Several civilians, including children, have been killed in a raid by US special operations forces in northwest Syria, according to residents and rebels fighters.
Report says, on Thursday at least 12 people, including seven children and three women, were killed in the overnight operation near the Turkey border in the province of Idlib, the last rebel enclave resisting Syrian President Bashar al-Assad’s forces.
The raid hit a densely populated area where tens of thousands of people displaced from Syria’s war live in makeshift camps or overcrowded housing.
Several residents, speaking to The Associated Press news agency on condition of anonymity for fear of reprisals, also reported civilian deaths and said they saw body parts scattered around a house in the village of Atmeh.
In a statement, the Pentagon said the “mission was successful” but provided no details on who was the target of the raid, or if there were any casualties.
“U.S. Special Operations forces under the control of U.S. Central Command conducted a counter-terrorism mission this evening in northwest Syria,” Pentagon Press Secretary John Kirby said, “There were no U.S. casualties. More information will be provided as it becomes available.”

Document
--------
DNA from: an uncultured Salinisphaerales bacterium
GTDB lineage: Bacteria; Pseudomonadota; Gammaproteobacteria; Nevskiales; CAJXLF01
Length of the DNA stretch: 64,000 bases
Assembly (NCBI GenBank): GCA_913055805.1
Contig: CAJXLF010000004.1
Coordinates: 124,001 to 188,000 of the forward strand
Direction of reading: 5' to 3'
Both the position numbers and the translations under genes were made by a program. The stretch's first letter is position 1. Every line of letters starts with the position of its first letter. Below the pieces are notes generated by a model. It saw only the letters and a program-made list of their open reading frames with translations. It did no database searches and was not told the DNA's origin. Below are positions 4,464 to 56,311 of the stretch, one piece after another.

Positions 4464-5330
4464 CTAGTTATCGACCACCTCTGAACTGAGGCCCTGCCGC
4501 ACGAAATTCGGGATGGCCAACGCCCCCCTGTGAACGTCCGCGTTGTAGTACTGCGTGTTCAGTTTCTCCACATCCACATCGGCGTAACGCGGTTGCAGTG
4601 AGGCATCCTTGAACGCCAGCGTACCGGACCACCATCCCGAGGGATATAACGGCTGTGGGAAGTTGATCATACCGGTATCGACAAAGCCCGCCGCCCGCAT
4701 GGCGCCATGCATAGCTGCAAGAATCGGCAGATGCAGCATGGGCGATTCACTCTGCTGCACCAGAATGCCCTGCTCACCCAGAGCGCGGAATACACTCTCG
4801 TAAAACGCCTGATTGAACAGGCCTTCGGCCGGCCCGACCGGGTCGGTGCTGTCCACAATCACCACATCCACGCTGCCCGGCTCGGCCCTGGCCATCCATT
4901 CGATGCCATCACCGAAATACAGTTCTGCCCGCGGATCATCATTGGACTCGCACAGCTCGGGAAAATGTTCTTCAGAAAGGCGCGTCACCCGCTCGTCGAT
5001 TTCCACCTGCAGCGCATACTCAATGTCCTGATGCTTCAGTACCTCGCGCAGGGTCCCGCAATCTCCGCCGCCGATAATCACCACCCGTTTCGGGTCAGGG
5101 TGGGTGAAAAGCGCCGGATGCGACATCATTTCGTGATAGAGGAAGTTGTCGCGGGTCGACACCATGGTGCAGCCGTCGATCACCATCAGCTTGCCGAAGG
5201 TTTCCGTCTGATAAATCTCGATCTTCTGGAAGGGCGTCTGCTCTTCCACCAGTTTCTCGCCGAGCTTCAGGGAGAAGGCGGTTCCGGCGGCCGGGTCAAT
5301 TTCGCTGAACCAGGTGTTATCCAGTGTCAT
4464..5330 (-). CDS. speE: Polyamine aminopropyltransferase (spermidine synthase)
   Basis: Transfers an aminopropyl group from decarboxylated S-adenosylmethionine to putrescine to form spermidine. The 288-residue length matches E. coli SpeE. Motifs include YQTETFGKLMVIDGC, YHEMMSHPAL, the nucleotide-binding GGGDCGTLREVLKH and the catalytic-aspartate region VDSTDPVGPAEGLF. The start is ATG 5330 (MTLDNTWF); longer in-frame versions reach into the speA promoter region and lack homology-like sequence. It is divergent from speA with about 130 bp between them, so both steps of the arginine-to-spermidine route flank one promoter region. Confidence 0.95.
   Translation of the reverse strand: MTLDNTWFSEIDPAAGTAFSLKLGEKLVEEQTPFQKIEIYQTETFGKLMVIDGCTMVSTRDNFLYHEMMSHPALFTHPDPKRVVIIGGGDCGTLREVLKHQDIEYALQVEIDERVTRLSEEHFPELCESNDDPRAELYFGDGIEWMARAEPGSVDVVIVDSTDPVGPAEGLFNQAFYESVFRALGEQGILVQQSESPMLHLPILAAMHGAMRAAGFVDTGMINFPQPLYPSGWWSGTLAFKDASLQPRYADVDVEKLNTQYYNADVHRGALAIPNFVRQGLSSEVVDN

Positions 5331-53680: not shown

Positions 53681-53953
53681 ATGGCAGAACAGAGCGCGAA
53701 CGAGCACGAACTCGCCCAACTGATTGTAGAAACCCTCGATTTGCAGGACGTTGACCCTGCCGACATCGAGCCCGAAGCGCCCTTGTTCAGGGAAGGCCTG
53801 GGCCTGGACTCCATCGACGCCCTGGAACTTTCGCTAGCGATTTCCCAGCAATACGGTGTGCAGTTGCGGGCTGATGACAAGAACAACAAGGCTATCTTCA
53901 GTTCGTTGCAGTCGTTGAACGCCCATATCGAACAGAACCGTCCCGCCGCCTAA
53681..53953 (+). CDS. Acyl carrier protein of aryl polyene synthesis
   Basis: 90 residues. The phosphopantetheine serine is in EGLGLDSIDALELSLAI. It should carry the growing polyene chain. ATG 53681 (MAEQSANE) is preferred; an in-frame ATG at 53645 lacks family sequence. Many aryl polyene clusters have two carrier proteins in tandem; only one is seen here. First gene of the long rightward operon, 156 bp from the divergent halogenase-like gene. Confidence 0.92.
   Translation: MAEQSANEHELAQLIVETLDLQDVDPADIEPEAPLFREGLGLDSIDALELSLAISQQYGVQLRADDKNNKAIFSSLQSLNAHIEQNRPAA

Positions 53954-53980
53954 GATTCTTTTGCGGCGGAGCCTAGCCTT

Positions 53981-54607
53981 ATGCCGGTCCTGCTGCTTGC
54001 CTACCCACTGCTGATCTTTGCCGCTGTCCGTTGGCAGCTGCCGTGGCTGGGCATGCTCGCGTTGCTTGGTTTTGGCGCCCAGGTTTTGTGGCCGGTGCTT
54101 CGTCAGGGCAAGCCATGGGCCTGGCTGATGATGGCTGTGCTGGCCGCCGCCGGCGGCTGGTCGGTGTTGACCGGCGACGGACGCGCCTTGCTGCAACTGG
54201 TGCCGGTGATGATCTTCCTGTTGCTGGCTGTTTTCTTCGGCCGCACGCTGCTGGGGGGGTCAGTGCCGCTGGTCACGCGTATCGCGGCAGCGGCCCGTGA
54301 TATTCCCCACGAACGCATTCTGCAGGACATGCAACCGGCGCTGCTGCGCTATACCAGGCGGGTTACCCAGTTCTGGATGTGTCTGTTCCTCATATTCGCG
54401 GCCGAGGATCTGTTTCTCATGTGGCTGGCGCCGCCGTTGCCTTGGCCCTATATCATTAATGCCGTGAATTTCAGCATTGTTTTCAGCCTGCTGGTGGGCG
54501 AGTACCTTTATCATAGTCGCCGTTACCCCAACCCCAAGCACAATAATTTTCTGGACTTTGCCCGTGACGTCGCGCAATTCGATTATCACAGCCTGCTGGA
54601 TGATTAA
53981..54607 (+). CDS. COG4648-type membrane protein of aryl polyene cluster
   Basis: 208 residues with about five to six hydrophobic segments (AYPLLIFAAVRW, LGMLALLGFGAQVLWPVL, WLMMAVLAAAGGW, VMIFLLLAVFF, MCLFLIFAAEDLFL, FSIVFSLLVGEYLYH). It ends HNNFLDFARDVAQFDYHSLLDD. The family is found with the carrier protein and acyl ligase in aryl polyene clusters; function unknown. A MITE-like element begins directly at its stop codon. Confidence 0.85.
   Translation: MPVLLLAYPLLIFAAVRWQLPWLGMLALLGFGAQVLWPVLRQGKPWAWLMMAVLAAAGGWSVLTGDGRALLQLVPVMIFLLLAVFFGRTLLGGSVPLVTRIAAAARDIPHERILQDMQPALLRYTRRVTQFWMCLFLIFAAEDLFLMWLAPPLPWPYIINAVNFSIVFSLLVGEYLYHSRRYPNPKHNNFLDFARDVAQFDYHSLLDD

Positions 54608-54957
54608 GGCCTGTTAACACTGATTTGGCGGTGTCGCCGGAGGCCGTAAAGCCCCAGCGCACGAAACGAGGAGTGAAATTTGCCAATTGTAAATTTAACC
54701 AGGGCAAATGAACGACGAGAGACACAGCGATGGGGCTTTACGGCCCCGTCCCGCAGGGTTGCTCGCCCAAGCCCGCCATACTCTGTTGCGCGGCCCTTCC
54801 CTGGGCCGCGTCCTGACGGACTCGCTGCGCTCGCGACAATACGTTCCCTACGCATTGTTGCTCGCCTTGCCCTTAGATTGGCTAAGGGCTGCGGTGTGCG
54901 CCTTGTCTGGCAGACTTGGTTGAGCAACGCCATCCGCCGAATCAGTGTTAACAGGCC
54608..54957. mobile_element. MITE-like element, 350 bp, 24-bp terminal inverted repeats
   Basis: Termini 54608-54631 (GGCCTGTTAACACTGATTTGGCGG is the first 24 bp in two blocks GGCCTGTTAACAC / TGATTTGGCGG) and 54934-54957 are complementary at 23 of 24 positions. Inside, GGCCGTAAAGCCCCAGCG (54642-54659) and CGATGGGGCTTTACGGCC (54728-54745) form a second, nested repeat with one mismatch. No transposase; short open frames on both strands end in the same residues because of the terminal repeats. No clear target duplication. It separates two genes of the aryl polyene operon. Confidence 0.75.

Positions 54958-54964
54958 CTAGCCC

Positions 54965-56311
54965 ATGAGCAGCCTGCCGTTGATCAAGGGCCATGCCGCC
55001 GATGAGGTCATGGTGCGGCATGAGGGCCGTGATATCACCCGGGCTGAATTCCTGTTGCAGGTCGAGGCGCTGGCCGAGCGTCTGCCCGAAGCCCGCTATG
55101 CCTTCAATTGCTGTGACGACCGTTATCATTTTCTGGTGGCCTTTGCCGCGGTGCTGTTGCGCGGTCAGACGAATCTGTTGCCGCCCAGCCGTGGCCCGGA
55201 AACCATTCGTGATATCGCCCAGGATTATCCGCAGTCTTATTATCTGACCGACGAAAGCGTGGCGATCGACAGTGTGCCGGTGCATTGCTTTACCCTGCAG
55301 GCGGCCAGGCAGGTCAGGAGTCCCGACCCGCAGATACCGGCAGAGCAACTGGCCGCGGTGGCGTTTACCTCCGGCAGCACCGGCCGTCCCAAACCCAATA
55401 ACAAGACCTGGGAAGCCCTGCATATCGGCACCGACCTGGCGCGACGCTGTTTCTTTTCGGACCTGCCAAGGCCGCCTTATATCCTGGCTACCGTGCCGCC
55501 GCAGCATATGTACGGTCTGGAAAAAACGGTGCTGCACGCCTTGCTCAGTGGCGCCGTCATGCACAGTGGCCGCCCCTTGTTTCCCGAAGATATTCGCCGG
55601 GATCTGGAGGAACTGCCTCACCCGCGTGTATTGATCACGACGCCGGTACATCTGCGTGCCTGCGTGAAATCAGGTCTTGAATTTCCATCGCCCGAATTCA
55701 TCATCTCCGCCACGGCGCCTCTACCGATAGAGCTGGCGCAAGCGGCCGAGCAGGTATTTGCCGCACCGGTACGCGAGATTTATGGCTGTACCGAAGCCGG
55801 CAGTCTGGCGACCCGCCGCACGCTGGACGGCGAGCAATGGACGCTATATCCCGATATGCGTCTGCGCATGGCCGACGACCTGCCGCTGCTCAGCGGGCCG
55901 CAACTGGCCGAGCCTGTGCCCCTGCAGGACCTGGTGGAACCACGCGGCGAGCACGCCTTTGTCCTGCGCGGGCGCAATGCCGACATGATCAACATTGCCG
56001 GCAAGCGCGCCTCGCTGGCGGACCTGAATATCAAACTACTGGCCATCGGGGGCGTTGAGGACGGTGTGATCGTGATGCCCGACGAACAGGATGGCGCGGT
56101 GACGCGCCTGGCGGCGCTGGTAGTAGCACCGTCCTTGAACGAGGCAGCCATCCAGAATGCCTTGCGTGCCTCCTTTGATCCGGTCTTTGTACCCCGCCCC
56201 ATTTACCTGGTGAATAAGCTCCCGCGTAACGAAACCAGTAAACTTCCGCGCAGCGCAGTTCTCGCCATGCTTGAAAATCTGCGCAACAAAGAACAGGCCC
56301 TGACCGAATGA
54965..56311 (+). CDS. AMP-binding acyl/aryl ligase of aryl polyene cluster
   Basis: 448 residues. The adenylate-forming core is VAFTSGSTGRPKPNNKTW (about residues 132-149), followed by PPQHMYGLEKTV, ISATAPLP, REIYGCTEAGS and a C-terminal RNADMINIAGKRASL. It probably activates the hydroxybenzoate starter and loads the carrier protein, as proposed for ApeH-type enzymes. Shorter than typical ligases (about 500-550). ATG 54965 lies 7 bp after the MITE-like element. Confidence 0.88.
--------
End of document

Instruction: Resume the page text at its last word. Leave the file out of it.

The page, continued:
According to the report, the raid was believed to have targeted a suspected al Qaeda-affiliated fighter, but there was no other information on the person’s identity and no immediate reports of any fighters being killed. Residents said they heard heavy gunfire during the operation, indicating resistance to the raid.
Charles Lister, senior fellow with the Washington-based Middle East Institute, told Reuters he had spoken to residents who said the operation lasted more than two hours.
“Clearly they wanted whoever it was alive,” Lister said.
“This looks like the biggest of this type of operation” since the al-Baghdadi raid, he said, referring to a 2019 US special operations raid in northwest Syria that killed ISIL (ISIS) leader Abu Bakr al-Baghdadi.